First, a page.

Let's Talk About Food launch event

Let's Talk About Food was the inaugural event to launch a project to develop a Sustainable Local Food Strategy for County Durham. It was held at Durham Town Hall on March 12th 2012.  Over 70 delegates attended, coming from a wide variety of organisations and local businesses.  Refreshments were supplied by local food producers: yogurts from Embleton Hall Dairies, lunch from Broom House Farm, and apple juice from Bluebell Organics.  Click here to view the programme for the day.

Councillor Lucy Hovvels, Cabinet Member for Safer and Healthier Communities at Durham County Council opened the event and introduced the keynote speakers.  Please click on the links below to view a video of each presentation: 

Lord Curry of Kirkharle

Lord Curry of Kirkharle summarised the challenges facing the global food system and said it was important to position local food policy work within this context. He emphasised the importance to the North East economy of supporting growth in the amount of food that is produced, processed and marketed in the region and gave his full support to this project.  He stressed the need to work together across the whole of the North-East Region, and to improve the skills base. He said 'the challenges we’re facing today in Durham with the Local Food Strategy are absolutely critical to the economy of the Region'.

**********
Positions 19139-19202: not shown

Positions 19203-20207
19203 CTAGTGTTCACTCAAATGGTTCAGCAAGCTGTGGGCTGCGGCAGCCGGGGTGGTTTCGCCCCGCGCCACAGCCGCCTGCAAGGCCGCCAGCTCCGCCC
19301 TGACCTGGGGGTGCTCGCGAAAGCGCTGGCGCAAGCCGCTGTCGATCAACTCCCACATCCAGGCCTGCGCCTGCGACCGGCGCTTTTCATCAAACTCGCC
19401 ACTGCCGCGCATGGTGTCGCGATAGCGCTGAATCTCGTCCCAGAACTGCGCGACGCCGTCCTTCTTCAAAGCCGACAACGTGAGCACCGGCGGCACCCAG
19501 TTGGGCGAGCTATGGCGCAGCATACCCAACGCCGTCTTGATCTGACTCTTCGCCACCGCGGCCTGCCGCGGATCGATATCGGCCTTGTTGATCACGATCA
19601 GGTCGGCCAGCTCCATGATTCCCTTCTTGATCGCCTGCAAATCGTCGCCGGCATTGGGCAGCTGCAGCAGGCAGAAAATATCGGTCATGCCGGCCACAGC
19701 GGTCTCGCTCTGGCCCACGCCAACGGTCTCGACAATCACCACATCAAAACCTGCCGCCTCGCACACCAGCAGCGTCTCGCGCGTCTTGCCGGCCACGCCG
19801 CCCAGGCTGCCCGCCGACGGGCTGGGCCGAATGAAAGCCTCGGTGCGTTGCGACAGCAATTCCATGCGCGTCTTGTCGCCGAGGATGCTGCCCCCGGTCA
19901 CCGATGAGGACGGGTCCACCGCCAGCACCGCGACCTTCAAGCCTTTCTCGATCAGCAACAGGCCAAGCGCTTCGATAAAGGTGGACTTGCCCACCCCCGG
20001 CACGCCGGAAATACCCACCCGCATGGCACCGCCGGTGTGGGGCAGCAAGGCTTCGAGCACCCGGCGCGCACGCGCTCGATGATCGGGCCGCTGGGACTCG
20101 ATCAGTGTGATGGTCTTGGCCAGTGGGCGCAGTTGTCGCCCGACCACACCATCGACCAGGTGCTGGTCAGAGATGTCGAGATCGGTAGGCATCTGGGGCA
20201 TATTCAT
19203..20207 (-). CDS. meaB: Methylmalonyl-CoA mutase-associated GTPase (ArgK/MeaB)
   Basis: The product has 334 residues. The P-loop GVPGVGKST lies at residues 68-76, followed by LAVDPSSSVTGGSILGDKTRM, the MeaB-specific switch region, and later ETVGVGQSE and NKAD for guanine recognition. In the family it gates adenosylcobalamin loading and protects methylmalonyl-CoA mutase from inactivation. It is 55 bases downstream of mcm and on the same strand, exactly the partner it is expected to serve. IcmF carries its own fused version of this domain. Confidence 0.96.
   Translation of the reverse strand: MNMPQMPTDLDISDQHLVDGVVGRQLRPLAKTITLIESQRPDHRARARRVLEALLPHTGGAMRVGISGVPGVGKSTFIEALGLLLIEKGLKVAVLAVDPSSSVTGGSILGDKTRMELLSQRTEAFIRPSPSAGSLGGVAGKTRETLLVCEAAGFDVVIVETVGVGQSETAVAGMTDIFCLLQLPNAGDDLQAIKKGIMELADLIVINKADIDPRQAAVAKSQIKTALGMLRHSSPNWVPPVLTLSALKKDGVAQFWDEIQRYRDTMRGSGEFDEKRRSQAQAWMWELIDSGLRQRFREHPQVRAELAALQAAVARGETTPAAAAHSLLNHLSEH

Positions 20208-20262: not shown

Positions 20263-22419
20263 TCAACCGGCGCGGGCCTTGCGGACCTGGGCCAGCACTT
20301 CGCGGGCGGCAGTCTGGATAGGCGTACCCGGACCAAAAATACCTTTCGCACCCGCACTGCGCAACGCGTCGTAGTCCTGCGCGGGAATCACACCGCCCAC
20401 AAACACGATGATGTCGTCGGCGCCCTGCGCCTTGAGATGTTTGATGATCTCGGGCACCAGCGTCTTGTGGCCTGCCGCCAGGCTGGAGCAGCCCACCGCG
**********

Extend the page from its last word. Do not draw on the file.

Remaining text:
Chris Shaw

Chris Shaw (Director of Health Improvement, Sheffield City Council) shared his experience of developing the Sheffield Food Plan and the lessons learnt. He stressed that the Plan was not essentially about health (although this is a key driver and an important aspect); it is about developing resilience and sustainable food. 

Dr Charlie Clutterbuck

Dr Charlie Clutterbuck (Hon. Research Fellow, Centre for Food Policy, City University; Director of Environmental Practice @ Work; a Board member of the Food Ethics Council and PAN-UK) gave an overview of some of the global issues affecting our food supply today. We use five times the area of Britain to feed ourselves and this cannot continue. He explained why sustainable food production can match the need for healthier diets and more climate friendly farming. Put very simply, the answer is to “plant fruit and vegetables”. He bemoans the loss of agricultural research and emphasizes the need for improving skills in the sector. He is a strong supporter of the local food movement.   

Mary Clear

Mary Clear is a Volunteer for Incredible Edible Todmorden. Mary told us the inspiring story of the remarkable Incredible Edible Todmorden. Todmorden is 'a market town trying to survive in a supermarket culture'.  The story of Incredible Edible shows what can happen when local people decide to act for themselves, tackling a big issue head on with enthusiastic community action. They planted 'propaganda food' on unloved areas of land and invited people to help themselves. Food is now grown at the Health Centre, Railway Station, Policy and Fire Stations, and on housing estates.  All six schools are growing food, there is a permaculture training centre, ‘Lost Arts Training’ courses, community bee keeping and more, and all in the space of four years.  A new phenomenon of 'Vegetable Tourism' has emerged with visitors from around the country and abroad.  There are now 31 Incredible Edible projects in other towns. Can we do it in County Durham?  Read more about Incredible Edible Todmorden by clicking here to visit their website.* (Durham Community Action is not responsible for the content of external websites).